Like Mr Moore, I too was raised in a reasonably religious household. Many of our family friendships were church based, I regularly did bible readings in the Sunday service, I was an active member of the youth group and I spent many a school holiday at church camps.
Unlike you, it was my family that decided to leave the church after an outright withdrawal of church support and understanding when my gay uncle was diagnosed and later died of AIDS. It really felt like a slap in the face at the time...
Now, as an adult the bitter taste in my mouth has gone but it has not been forgotten. Although I know that religious belief is not for me, I think that it does work for some people. What scares me are the believers who do not question... those who only "believe" on Sundays... and those who will not challenge situations of hypocrisy.

Although I'm not as eloquent as other participants in your blog (or as informed as some), I did want to make some kind of comment. My experience was by no means as traumatic as yours... but look at you now!

Great blog Matt.

Budge said...

I so didn't mean to imply any criticism of matt's post... If that's what i did imply, i'm sorry.

It kind of goes to my point.
Blogs; a messy medium.

Spoon said...

Maybe it is that blogs are a messy medium. I think the problem is one of boundaries.

I am an agrumentative sod as pretty much anyone who knows me will testify. Kate, Shannon and Eliza, yes I agree that Matt has really opened up here. But as you say Kate, in doing so he opens himself up for comment. I imagine he does so to make whoever reads his blog think. And it has certainly done that for all of us. As Shannon said that is openmindedness.

But I think the problem with the medium of blog, which you kind of touched on, Kate, is that it is impersonal. You ask why we don't talk about this in person, and that's an interesting question (although after his last comment Matt and I had a long "discussion" - albeit on messenger - about science and religion and stuff).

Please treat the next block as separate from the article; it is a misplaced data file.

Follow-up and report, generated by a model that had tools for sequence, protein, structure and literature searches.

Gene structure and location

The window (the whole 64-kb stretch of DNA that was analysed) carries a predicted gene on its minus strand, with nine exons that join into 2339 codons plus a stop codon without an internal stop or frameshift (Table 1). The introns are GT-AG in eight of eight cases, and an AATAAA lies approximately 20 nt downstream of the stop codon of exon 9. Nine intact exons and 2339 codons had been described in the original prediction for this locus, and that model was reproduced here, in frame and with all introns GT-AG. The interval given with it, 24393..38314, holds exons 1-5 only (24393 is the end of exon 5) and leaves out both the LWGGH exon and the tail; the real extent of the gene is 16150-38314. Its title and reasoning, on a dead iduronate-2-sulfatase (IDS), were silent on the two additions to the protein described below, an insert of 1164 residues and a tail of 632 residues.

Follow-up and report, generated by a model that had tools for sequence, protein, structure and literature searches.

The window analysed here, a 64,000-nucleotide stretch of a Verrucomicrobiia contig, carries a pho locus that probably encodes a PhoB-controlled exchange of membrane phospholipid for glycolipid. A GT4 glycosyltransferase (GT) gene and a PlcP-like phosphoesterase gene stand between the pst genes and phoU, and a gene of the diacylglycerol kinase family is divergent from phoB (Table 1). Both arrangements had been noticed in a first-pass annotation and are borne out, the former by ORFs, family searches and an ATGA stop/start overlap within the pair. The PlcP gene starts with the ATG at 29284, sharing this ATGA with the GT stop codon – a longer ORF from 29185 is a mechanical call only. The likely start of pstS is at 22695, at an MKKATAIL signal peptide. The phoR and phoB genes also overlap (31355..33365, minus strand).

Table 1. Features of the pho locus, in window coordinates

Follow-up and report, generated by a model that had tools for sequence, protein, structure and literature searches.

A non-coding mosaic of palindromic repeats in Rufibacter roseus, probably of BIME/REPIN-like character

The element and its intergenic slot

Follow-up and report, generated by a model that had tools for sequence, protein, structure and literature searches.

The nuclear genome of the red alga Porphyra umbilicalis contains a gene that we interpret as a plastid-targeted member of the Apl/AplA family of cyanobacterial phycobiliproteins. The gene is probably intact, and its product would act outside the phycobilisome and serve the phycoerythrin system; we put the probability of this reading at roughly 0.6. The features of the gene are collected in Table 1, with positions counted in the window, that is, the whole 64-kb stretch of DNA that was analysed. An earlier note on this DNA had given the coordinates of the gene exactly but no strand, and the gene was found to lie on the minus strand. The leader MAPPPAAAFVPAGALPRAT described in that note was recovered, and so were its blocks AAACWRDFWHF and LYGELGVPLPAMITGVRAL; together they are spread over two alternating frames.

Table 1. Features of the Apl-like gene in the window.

Matt uses his blog to state his beliefs. When I disagree with them, or, as in this case, when I might agree with what his saying, but don't believe he is seeing all sides, I will pull him up on it. As a consequence I will argue with Matt on his blog as strongly about his opinions on Season 3 Battlestar Galactica as I will on his views on religion.
Perhaps that is not appropriate.

To be fair, though, Matt will argue those things with as much energy as each other, and it's easy to get caught up. And I believe that if he brought these things up in person I would pull him up just as strongly. And we have had many in person discussions about all sorts of things.

As for stating my own religion vs science opinion? I honestly don't think it's relevant to the discussion, as I wasn't really talking about Matt's opinions so much as the way he was expressing them. But for the record, since late primary/early high school I have wavered between ambivalent agnosticism to lapse atheism. Right now I don't believe in a God, but I wouldn't be surprised to find that one exists. I'm a fence sitter, who would have thought? It goes with the territory of being argumentative.

To sum up, and to re-iterate: I am not saying Matt is not brave for saying all this, and I am not saying he is wrong. Who am I to say that? I think all I am asking is that Matt looks at how he is projecting himself when stating his opinions. I look now and I can see I was incredibly wrong to bring this up as a response to this particular blog post, as it is not really relevant to this one. It was more a response to all of the religion posts that Matt has made, and the attitude that I see him portraying, but some of the things he said in this one helped (I thought) clarify my thoughts, so this is where it came out.

We really need Paul to come in here and talk about religion and cyberculture and bring it all together.

Hopefully Matt's next post is another one about how crap Andrew Bolt is and we can all sit and laugh and remember the good times.